Dominique Cravic et les Primitifs du Futur: Tribal Musette
Robert Crumb’s raggle taggle inheritors prove that the accordion -- and the saw, and the xylophone, and the theremin... -- is their oyster.
We all know what a Robert Crumb cartoon looks like -- but what does one sound like? You might say that it's pretty much as you’d imagine, from the louche funk of Fritz The Cat to the "spicy" revelations of his early world music comp, Hot Women. The Paris-via-Polynesia balm of Dominique Cravic, however, doesn’t quite tally with the trio of ghoulish-looking natives Crumb has assembled here, who incidentally look as if they’ve imbibed a lifetime’s worth of ritualistic hallucinogens in one sitting. But maybe that’s because Crumb, for the most part, doesn’t actually play on this record, one which carries on the floating, Francophone polyglotism of World Musette with seemingly about as much effort as it takes to flick the ash off a Gauloise.
Flaco Jimenez and Raùl Barboza are about the biggest names here, but the rolling ranks of Les Primitifs du Futur are more about collective joie de vivre than individual flash. They're loose enough to subsume a North African darbouka player (Khireddine Medjoubi), a Brazilian percussionist (Silvano Michelino), and an Italian with a footballer’s name and a voice rinsed in flaming brandy, alongside a Gallic contingent armed with xylophone, musical saw, clarinet, bugle, cuatro, jew’s harp, and accordion to spare. If it seems that more or less every contemporary world music release takes a potentially spurious cosmopolitanism as a kind of self-evident stamp of authenticity, especially when it involves digital technology, then be assured that Cravic and co. are strictly acoustic, and they’ve been doing this kind of thing for years -- decades in fact, as far back as the beginnings of world music as a marketable concept.
As Cravic confesses to Derek Beres elsewhere in this magazine, his approach to world music is "surrealistic", the more -- and the more unlikely -- array of ingredients the better. We’re not talking the surrealism of Crumb-era San Francisco, or even Dadaist Paris, but more a tootling whimsy that shares its amusement with the likes of Lonely Drifter Karen, not to mention an obvious fondness for the art of Emir Kusturica (the thundering Gypsy-isms of "Syldave ou Bordure?" even come as a kind of question and answer session). The tinkering, Tom and Jerry xylophone of opener "La Valse Hindoue", for one, tends to the whimsical even as the rest of the arrangements err on the wistful, palm-slapped by Michelino’s tablas, but not quite a sonic equivalent to the burning-eyed Indian holy man Crumb depicts on the sleeve. And as "Dalinette" suggests, it’s a whimsy amplified against the reliably surrealistic standby of a musical saw, willing even the most conventional production to the kind of wobbling freakery which Fay Lovsky luxuriates in. She saws the "spooky scat" of "Ménage à Trois" into a frenzy, and is no slouch on the theremin either, sending out the composite ballad "Sur Le ToiT/Ramona" in a tailspin of gratuitous, dog-pitched whistling. Lovsky even braves a bit of anthropomorphic neighing, clip-clopping to the finish line on Sanseverino chanson "La Grand Truanderie".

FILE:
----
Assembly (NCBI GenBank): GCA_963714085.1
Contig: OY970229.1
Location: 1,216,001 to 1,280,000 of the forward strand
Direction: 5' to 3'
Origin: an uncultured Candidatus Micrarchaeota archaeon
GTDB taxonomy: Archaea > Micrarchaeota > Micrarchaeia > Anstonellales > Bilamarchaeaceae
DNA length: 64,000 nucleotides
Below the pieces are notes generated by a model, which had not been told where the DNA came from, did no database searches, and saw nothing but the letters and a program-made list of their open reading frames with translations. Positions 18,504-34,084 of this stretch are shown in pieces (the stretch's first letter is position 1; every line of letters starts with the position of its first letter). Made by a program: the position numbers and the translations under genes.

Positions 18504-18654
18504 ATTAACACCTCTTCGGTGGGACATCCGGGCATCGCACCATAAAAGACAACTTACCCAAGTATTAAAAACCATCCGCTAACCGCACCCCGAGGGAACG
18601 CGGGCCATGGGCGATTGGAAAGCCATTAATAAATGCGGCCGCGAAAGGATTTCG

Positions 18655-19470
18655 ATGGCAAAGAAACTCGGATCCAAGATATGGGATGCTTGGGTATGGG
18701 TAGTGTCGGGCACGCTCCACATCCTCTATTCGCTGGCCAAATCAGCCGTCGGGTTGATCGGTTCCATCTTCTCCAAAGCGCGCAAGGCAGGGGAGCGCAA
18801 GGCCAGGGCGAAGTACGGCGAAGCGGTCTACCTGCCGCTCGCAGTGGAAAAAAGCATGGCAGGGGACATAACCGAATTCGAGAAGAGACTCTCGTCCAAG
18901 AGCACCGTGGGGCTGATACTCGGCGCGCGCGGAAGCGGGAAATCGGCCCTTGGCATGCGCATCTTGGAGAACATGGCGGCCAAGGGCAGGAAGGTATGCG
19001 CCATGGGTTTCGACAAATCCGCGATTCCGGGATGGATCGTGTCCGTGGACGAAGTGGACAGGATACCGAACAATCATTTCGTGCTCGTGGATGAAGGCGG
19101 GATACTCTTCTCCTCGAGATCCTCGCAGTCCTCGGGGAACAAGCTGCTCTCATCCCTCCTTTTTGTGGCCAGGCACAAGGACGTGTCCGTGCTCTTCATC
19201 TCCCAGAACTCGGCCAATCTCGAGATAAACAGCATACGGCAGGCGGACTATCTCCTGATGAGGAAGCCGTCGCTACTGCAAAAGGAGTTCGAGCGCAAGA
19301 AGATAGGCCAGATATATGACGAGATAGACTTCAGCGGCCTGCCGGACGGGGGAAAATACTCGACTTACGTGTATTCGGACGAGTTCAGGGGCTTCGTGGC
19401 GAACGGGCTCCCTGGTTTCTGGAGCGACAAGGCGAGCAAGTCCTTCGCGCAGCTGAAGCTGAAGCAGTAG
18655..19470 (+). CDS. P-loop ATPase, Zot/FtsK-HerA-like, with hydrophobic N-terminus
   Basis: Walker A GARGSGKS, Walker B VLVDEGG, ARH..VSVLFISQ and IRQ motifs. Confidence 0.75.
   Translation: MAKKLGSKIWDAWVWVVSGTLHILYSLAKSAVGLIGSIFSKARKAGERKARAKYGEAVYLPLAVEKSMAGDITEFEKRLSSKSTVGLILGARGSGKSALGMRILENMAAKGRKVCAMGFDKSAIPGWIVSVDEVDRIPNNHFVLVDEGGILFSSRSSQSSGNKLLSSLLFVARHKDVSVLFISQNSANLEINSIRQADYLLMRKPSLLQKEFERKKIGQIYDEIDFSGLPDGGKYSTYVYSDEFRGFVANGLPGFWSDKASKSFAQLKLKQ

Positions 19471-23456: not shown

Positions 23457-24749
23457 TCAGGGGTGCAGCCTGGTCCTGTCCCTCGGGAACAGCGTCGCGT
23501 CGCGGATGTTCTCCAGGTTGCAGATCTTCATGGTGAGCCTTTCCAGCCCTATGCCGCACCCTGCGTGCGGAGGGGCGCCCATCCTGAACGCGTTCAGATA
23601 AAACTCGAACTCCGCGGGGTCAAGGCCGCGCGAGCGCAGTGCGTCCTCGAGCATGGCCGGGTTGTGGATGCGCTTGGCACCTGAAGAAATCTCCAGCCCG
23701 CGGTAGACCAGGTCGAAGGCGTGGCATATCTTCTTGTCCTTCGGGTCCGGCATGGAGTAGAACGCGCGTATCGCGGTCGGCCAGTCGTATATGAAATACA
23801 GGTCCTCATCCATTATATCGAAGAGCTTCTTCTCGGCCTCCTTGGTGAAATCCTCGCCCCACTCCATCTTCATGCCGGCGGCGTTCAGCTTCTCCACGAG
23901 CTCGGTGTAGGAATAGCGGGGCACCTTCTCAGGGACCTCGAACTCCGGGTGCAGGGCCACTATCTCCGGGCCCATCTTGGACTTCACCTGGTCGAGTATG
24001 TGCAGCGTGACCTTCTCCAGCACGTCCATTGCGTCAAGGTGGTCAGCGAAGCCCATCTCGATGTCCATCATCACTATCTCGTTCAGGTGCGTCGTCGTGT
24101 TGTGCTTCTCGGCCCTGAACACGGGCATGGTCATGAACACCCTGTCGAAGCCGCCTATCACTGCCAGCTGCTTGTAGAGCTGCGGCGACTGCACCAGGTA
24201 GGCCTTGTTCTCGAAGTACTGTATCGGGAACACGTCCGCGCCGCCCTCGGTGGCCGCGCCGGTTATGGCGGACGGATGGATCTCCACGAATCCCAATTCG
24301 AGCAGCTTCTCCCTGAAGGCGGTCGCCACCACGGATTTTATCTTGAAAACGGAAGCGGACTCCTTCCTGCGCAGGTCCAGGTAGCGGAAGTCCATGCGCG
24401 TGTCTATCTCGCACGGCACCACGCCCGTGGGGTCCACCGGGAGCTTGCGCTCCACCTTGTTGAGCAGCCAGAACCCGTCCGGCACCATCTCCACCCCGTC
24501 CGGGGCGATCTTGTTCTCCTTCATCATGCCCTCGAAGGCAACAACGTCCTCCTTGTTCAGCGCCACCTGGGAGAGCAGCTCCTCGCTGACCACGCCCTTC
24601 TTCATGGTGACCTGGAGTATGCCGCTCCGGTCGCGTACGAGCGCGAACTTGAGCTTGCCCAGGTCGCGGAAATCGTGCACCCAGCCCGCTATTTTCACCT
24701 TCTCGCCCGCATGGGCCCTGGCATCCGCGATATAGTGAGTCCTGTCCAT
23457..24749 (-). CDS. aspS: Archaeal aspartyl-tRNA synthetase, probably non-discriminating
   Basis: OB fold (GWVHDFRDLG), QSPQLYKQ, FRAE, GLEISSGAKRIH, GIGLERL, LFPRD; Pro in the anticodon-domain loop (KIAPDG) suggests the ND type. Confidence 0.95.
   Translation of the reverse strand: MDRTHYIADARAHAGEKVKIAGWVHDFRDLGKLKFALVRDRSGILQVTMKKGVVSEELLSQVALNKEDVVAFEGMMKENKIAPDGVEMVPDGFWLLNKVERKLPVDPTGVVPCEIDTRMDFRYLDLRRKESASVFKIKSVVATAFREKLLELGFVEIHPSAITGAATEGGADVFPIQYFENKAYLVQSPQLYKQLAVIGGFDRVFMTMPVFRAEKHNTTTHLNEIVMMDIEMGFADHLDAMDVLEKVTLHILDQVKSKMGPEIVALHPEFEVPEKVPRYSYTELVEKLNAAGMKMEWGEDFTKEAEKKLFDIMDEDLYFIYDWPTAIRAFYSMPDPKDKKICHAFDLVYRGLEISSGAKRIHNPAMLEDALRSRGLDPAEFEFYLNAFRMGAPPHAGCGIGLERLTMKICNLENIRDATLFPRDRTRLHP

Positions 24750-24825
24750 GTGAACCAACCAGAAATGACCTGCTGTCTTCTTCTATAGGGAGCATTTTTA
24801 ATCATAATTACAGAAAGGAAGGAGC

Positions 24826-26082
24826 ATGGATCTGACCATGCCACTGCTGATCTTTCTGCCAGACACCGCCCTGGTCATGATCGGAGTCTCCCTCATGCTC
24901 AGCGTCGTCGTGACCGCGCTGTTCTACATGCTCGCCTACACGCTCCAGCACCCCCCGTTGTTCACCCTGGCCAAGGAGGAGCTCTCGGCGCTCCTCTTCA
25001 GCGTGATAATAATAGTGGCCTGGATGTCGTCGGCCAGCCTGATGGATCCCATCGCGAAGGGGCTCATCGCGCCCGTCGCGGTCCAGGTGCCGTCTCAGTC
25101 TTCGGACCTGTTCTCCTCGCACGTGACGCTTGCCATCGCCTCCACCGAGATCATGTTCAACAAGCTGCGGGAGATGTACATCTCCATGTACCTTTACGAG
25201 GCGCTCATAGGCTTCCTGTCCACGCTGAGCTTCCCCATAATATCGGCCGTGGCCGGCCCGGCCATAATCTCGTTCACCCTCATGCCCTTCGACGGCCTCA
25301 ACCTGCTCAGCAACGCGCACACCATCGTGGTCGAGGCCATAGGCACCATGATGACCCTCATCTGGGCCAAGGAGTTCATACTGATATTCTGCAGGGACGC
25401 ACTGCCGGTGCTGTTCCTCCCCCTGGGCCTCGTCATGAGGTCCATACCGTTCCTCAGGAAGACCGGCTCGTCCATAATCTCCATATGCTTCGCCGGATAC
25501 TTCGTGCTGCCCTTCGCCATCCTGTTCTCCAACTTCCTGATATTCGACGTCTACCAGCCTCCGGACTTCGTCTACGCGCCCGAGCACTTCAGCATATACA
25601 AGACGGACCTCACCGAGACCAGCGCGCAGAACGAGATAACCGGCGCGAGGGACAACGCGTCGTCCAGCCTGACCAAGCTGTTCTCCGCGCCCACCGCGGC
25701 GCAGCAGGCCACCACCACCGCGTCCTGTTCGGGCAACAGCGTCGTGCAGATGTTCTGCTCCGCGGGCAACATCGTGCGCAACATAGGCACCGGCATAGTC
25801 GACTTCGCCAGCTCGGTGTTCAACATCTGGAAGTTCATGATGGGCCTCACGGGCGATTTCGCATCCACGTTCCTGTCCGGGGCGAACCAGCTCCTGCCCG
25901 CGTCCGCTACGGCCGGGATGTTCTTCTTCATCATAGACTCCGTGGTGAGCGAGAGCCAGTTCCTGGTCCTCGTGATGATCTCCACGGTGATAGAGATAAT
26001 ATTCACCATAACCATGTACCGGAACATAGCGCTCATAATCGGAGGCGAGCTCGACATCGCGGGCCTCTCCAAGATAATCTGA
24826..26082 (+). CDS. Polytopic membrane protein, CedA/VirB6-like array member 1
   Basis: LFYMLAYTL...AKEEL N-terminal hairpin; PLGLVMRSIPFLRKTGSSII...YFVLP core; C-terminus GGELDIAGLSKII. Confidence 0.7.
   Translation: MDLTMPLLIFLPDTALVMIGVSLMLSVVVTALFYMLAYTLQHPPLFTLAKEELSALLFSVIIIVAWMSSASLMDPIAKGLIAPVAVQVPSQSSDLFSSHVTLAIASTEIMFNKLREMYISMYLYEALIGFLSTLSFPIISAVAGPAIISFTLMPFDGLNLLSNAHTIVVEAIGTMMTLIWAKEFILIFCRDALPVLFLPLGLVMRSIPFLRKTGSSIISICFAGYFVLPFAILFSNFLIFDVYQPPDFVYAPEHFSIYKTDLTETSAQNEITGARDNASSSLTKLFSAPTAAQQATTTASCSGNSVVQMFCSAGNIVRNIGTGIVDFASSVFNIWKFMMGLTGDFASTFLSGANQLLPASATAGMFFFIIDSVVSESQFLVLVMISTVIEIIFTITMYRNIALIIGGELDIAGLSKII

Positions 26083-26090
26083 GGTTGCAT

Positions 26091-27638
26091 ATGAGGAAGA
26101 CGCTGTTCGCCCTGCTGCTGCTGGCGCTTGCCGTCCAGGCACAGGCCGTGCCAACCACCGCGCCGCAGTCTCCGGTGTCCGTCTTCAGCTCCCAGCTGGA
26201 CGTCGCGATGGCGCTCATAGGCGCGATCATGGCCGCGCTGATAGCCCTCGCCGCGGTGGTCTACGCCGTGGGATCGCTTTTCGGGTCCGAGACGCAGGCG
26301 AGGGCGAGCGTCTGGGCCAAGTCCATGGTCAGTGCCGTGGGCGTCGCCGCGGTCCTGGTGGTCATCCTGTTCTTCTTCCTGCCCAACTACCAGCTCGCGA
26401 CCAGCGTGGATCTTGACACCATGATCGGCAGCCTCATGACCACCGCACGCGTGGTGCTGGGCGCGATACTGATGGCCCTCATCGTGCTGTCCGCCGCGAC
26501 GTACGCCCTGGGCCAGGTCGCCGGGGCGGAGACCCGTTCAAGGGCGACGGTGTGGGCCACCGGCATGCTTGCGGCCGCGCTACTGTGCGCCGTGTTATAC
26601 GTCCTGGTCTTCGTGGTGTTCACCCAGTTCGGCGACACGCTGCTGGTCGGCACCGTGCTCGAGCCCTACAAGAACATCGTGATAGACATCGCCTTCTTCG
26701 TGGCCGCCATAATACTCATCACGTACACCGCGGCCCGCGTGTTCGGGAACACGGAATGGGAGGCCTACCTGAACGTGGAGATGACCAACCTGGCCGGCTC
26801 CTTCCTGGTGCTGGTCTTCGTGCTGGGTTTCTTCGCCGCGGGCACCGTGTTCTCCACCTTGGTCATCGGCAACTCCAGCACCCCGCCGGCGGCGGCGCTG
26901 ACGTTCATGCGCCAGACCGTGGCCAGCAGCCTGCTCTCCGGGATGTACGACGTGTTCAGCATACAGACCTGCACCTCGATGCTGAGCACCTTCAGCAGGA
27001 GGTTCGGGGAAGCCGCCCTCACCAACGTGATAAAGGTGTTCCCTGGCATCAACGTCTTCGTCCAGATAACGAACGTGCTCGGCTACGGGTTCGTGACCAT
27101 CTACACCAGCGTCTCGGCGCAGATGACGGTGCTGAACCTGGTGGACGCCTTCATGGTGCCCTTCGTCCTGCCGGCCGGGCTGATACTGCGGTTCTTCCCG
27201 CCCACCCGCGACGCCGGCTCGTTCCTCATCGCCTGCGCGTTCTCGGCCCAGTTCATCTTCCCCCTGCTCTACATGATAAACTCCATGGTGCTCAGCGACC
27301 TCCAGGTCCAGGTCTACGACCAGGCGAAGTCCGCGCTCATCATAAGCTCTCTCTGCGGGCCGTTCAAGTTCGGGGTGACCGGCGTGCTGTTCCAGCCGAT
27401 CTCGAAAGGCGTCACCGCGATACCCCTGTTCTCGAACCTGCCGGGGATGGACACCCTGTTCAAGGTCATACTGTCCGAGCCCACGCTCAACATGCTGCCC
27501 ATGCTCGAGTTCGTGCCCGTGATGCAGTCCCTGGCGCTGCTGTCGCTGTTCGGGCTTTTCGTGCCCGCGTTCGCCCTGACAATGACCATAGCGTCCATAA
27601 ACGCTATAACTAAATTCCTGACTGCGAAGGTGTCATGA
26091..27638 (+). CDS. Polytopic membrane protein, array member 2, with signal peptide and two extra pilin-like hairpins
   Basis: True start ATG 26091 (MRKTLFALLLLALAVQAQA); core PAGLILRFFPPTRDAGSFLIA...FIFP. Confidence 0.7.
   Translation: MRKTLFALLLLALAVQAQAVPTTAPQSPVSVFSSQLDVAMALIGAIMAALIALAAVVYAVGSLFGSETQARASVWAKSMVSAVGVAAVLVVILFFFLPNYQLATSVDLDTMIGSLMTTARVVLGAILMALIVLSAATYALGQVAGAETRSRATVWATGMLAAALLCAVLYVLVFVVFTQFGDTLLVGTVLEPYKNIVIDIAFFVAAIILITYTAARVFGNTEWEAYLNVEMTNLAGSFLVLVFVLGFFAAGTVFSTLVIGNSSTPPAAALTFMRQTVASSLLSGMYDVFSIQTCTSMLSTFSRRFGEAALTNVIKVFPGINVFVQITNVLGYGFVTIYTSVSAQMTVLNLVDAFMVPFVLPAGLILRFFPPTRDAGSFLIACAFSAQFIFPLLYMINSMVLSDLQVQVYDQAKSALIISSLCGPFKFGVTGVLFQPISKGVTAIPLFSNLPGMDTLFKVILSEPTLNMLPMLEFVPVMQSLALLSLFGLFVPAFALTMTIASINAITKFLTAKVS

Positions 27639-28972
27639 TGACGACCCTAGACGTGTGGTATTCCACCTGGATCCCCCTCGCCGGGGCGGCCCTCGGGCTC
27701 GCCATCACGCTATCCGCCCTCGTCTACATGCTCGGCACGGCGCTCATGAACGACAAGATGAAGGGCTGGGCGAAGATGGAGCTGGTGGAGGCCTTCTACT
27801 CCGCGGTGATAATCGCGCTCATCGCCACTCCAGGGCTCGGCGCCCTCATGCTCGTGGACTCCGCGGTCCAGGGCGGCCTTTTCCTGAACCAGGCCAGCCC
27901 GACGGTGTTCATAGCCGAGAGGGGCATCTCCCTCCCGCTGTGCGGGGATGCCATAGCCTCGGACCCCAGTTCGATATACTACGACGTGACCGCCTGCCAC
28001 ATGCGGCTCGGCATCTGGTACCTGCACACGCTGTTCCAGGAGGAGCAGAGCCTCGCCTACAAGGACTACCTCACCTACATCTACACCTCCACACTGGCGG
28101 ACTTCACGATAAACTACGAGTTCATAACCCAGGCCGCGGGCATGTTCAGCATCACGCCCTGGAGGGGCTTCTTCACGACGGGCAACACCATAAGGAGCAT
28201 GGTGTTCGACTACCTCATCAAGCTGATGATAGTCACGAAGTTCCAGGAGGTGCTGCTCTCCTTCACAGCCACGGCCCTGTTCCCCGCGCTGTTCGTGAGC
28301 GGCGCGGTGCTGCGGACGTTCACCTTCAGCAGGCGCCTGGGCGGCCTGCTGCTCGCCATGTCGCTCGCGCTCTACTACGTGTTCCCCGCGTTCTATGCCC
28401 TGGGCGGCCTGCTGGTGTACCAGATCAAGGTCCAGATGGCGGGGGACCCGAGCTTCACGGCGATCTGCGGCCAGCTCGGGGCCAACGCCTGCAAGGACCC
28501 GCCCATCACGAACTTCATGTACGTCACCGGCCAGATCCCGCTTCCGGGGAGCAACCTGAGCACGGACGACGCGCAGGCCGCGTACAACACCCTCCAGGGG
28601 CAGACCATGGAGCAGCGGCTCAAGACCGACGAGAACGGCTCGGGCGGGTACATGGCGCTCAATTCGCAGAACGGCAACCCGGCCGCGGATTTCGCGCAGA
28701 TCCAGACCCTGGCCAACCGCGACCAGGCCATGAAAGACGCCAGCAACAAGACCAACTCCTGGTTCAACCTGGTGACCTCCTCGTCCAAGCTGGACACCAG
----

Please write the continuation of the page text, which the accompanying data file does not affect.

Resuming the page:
Yet Cravic’s displacement of French folk tradition into Orientalism, Gaugin-esque exotica, and Balkan fervour is often as disarmingly beautiful as it is humorous and surreal. Witness the Hawaiian reverie of "Nous Sommes Seul(e)s", ironically the only track to feaure Crumb himself (on mandolin). And as the raucous "Mingus Viseur" and moving "La Dernière Rumba de Django" serve to remind, Cravic and his merry band are as much about jazz as anything else -- or rather, they acknowledge that jazz, folk, and world music are often the same thing. While the former finds Jean-Philippe Viret manhandling his double bass through syncopated handclaps (with Bertrand Doussain doing the Rahsaan Roland Kirk), the latter plays as poignantly as a tribute to Stéphane Grappelli as it does a showcase for Cravic’s debt to Django Reinhardt.
Likwise, while the chief Primatif loves to mould a chanson into his own aesthetic, he’s capable of writing music every bit as affective as the vintage regionalism he’s steeped in. His self-penned closer, "Les Anges de San Antonio", ingeniously ties together the odds, the ends, and the in-between which make his music tick: the saw-wobbling weirdness, the earthy, Chicken Skin Music-era Ry Cooderisms (with Jimenez and Robert Santiago wheezing in gorgeous tandem), and all the Gallic melancholy his band can handle. There’s not much of the tribal about it any of it, it has to be said, except for perhaps a sense of a shared experience, one that’d you’d be doing yourself a serious disservice to miss out on.